The gospel reading is not by itself a Eucharistic passage, but the centurion’s words: “Lord... I am not worthy that you enter under my roof” are echoed at every Eucharistic celebration. Indeed the other two readings —Paul’s letter and the response to the Psalm— render the tone of today’s liturgy of the word clearly Eucharistic.
Even if the centurion’s words were not meant by him in a Eucharistic sense, they do reveal a depth of faith that, we are told, amazed Jesus. The man was a pagan and an officer of an army of occupation at that, yet as a gentile he had undertaken the building of a synagogue for the Jews. It is such a Roman officer that does not consider himself worthy to receive a Jew under his roof. As we transpose his setting to ours today, it raises two pertinent questions for us. One is about our own respect for people of other faiths and for the faith of other peoples (even if they are of our own faith), a respect that in the gospel passage went beyond tolerance into actually facilitating their —different— faith life. The other question is the way we approach God: as entitled to God’s action on our behalf, or aware that we have no real claim that would make us worthy? Do we let the centurion’s words, which we echo before communion, sink into us and help us approach communion more aware of our not being entitled to it? We do not partake in the Eucharist because we are so good, but because God is so good.
A second comment is about Paul’s letter. His words reveal a very different setting for the celebration of the Eucharist as one component of a getting together that included a regular meal, in fact one at which abuses were evident: unequal food provisions, not waiting for one another, and even drinking to excess. It is encouraging to recognize how much the situation has changed, at least in that one respect. But the disregard for others manifested in those no longer existing abuses was also a manifestation of approaching the gathering as “my celebration”, not as “our celebration”. And, as we take comfort in the disappearance of those concrete abuses, I am not sure we can say that we are always free from the “my celebration” syndrome. When I see people absorbed in their otherwise commendable private devotions during the celebration of the Eucharist, we have to wonder whether we are not still bringing our own food to the gathering. At my hospital Sunday masses I observe that, as I finish distributing communion and again make eye contact with the congregation, easily one fourth of them have already left —presumably to avoid the rush. Is this “not waiting for one another” yet a further sign that mass is taken by some as “my celebration” (or obligation?) and not as “our celebration”?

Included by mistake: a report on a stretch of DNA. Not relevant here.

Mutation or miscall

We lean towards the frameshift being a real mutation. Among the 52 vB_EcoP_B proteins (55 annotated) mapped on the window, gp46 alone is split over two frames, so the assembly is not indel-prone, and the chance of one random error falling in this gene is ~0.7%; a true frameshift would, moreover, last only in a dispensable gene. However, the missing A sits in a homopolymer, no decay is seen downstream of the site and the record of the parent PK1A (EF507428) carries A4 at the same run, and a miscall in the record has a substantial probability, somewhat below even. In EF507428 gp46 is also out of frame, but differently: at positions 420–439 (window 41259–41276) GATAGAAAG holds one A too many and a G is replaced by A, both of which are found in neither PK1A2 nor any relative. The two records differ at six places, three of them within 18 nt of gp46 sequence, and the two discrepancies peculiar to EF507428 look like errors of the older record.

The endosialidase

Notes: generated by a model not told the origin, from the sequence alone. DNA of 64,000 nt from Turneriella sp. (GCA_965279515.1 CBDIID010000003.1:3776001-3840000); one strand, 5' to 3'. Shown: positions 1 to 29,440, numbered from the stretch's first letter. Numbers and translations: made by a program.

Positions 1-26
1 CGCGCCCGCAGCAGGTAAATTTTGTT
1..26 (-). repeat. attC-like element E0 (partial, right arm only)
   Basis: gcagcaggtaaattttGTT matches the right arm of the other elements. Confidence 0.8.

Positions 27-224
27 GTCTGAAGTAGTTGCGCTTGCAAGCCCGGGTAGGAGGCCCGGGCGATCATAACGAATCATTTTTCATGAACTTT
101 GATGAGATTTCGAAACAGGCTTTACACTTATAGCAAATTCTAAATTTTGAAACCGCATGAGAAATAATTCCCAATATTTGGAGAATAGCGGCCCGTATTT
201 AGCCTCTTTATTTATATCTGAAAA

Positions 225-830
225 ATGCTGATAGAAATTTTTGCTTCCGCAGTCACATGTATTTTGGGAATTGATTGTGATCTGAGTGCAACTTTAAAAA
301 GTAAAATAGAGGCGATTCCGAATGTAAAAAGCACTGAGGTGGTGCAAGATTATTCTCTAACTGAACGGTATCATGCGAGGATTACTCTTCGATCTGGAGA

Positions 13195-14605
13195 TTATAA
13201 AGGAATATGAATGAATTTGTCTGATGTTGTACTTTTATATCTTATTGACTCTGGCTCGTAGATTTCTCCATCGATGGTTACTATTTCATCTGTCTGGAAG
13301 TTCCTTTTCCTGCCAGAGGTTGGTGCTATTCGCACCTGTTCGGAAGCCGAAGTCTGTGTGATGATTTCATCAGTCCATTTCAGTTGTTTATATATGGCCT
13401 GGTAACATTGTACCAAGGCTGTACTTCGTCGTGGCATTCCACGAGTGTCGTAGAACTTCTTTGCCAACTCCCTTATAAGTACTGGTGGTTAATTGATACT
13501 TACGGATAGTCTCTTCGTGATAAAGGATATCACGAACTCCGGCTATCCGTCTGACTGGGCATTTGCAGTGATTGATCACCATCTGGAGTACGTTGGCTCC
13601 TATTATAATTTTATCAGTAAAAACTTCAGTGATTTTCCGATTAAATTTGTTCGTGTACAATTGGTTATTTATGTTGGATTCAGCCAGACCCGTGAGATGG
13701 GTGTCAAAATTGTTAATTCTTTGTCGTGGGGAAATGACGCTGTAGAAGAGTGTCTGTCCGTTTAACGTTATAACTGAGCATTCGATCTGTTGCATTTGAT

If, as the Psalm’s response challenges us, we “proclaim the death of the Lord until he comes again”, then we have to respect —indeed facilitate— other people’s expression of their faith even when it diverges from our own. We also need to remain conscious that, as we attend the Eucharistic celebration with others of our own faith, we cannot act as if it were “my celebration”, instead of “our celebration”.
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